Can a nonprofit force the US government to change its policy on global warming?

From the FEB/MAR 2006 issue of Seed:

polarbop.jpg Credit: Steffen Foerster

Elkhorn coral and polar bears appear to have little in common, but they share the same lawyers.

In an effort to force the US government to reduce carbon emissions, the Center for Biological Diversity (CBD) has petitioned to have the creatures added to the federal endangered species list. Since the Endangered Species Act requires the US to protect the habitat of any listed species, and the sea ice and oceans where polar bears and coral make their homes are threatened by global warming, adding the two to the list would, theoretically, force the retooling of all federal policy contributing to climate change.

CBD hopes its strategy will gain a foothold for global warming science in a hostile political environment. But skeptics say the likelihood of increasing fuel economy standards, ditching the Clear Skies Initiative, abandoning Arctic National Wildlife Refuge drilling for good, repealing the Energy Policy Act of 2005 and sharply controlling fossil fuels production—all to save an animal that lives underwater and looks like a rock—would appear to have a polar bear’s chance in hell.

It’s “highly unlikely that the listing of these species would, by itself, lead to any meaningful reductions in carbon emissions in the US or anywhere else,” said Patrick A. Parenteau, director of the Environmental and Natural Resources Law Clinic at Vermont Law School.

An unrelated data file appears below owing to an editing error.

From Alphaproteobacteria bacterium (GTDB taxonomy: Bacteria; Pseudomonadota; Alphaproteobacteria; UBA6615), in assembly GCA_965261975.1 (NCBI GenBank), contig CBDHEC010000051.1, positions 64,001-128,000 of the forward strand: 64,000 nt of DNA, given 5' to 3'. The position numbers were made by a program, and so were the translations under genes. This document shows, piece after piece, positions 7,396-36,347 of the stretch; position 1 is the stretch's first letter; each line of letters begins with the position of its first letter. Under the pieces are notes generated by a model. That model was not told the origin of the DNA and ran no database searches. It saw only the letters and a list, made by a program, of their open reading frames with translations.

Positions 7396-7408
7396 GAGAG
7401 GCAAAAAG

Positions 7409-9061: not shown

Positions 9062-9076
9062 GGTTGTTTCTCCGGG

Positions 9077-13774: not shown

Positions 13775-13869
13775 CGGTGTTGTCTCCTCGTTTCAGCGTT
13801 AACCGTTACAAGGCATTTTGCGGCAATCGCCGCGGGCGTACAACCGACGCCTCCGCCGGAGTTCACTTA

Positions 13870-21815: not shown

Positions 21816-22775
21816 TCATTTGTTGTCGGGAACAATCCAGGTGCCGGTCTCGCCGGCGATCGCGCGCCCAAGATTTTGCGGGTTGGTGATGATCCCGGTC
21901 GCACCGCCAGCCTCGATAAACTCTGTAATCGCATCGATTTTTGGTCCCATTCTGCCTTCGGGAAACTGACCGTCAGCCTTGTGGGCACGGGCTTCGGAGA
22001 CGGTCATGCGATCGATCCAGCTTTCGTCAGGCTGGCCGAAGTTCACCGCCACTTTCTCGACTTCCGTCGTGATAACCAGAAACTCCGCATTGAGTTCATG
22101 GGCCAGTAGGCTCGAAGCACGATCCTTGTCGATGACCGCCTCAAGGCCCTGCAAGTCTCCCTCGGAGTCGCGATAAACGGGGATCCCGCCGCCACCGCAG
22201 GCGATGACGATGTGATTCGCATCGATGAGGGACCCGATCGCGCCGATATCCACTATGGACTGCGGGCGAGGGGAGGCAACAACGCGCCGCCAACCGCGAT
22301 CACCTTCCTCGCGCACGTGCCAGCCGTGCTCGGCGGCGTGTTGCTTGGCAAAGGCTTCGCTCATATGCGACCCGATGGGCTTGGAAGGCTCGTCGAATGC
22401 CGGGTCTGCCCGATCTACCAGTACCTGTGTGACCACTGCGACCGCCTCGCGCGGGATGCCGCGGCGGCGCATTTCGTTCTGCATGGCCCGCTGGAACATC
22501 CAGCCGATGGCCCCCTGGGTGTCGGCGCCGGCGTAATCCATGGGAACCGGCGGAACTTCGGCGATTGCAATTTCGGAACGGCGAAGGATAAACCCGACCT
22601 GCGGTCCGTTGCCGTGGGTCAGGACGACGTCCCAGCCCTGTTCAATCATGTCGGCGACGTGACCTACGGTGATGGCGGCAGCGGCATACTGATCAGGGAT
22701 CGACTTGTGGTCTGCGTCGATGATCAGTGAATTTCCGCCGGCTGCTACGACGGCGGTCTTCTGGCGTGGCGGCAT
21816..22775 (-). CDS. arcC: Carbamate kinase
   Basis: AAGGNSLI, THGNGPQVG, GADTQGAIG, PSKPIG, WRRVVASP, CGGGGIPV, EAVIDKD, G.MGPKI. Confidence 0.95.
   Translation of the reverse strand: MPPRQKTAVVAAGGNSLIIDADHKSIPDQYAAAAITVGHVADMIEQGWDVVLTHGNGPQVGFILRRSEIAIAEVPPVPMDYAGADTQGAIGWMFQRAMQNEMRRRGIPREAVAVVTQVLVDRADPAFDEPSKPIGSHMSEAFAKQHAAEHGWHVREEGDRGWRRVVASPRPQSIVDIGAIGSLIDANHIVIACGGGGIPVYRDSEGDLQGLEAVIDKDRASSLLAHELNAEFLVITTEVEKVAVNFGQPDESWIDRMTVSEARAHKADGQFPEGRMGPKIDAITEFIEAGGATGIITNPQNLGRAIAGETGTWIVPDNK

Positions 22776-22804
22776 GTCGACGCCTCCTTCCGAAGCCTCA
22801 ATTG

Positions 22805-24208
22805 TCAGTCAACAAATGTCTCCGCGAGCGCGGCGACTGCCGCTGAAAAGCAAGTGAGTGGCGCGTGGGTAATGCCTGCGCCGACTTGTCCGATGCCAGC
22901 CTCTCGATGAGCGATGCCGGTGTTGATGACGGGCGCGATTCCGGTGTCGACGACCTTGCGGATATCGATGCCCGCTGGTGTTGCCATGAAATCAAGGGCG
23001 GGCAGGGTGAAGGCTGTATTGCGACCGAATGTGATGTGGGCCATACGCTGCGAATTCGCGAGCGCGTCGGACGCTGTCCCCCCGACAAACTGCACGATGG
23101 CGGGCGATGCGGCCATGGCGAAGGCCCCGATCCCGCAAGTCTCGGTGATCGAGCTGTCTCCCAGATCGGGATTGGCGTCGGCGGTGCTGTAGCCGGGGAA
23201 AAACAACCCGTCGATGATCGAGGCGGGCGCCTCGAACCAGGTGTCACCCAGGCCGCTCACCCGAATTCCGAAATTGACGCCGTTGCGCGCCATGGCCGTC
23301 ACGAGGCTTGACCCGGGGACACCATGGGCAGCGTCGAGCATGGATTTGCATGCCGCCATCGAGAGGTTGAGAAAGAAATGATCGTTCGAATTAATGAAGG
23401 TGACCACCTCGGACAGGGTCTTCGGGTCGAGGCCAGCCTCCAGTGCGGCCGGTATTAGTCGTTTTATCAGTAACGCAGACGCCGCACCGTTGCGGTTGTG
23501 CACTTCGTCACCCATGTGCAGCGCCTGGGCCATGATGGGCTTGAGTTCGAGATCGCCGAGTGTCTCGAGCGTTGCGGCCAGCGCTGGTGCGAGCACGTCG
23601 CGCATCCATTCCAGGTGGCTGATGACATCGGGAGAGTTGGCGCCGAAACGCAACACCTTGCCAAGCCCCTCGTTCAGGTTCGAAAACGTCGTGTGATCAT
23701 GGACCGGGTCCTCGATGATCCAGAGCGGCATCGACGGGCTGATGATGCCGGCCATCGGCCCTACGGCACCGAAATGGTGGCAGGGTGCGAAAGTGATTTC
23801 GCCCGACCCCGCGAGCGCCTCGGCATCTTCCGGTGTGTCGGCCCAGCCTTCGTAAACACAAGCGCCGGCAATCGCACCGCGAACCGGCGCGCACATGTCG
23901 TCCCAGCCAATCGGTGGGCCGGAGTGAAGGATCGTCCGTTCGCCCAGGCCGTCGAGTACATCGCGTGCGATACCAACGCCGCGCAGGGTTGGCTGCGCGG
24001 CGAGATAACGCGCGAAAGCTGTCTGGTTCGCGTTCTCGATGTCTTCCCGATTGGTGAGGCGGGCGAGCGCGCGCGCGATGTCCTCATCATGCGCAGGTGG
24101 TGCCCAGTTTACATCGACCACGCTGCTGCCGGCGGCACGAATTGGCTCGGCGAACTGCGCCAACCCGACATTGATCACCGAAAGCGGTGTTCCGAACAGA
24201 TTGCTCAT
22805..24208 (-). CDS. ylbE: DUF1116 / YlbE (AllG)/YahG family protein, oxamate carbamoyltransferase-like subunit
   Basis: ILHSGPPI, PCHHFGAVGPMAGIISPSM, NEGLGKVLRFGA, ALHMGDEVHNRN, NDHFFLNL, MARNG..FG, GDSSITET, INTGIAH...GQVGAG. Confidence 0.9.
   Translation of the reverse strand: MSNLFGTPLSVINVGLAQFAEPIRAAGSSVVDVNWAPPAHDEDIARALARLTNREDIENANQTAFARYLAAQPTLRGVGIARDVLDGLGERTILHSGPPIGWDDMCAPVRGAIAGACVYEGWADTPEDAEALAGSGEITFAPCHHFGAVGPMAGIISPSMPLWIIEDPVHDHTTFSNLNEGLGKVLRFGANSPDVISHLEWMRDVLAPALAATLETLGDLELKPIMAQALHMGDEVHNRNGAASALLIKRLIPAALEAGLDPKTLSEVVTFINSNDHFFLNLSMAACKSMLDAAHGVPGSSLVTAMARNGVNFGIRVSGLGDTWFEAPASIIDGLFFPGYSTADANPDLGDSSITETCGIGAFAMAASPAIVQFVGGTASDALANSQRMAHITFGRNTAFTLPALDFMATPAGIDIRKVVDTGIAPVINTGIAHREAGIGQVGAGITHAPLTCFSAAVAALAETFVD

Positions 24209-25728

Environmentalists have commonly made use of the Act to shut down logging or construction projects, but the idea of leveraging it to effect changes in climate policy is new.

“This is certainly a creative approach by CBD,” said Parenteau, who was special counsel to the Fish and Wildlife Service (FWS) for the memorable spotted owl case of the early 1990s.

Critics charge that FWS, one of two agencies that can add to the list, has become politicized: Since President Bush took office, the agency has not filed to protect a single new species without its hand being forced. “At the political level, the Fish and Wildlife Service has become a captured federal agency,” said Brent Plater, a lawyer for the CBD.

But under the jurisdiction of the National Marine Fisheries Service, the other listing body, the process of protecting the corals is moving smoothly. The FWS initially refused to review the polar bear petition, leading the CBD, Greenpeace and the National Resources Defense Council to file suit against the agency December 15.

Even if the species are added, it may be irrelevant: Congress is considering legislation by Richard Pombo (R-CA)—whose major campaign contributor is the oil and gas industry—that would eliminate “critical habitat” protections for endangered species and hand protection decisions to a political appointee, among other things.

Whatever happens, the CBD’s petition is sure to bring recognition to the link between climate change and species extinction. “It’s a fairly straightforward case,” said Plater. “It just requires folks to recognize that the threats to species are sometimes more subtle.

Originally published March 9, 2006

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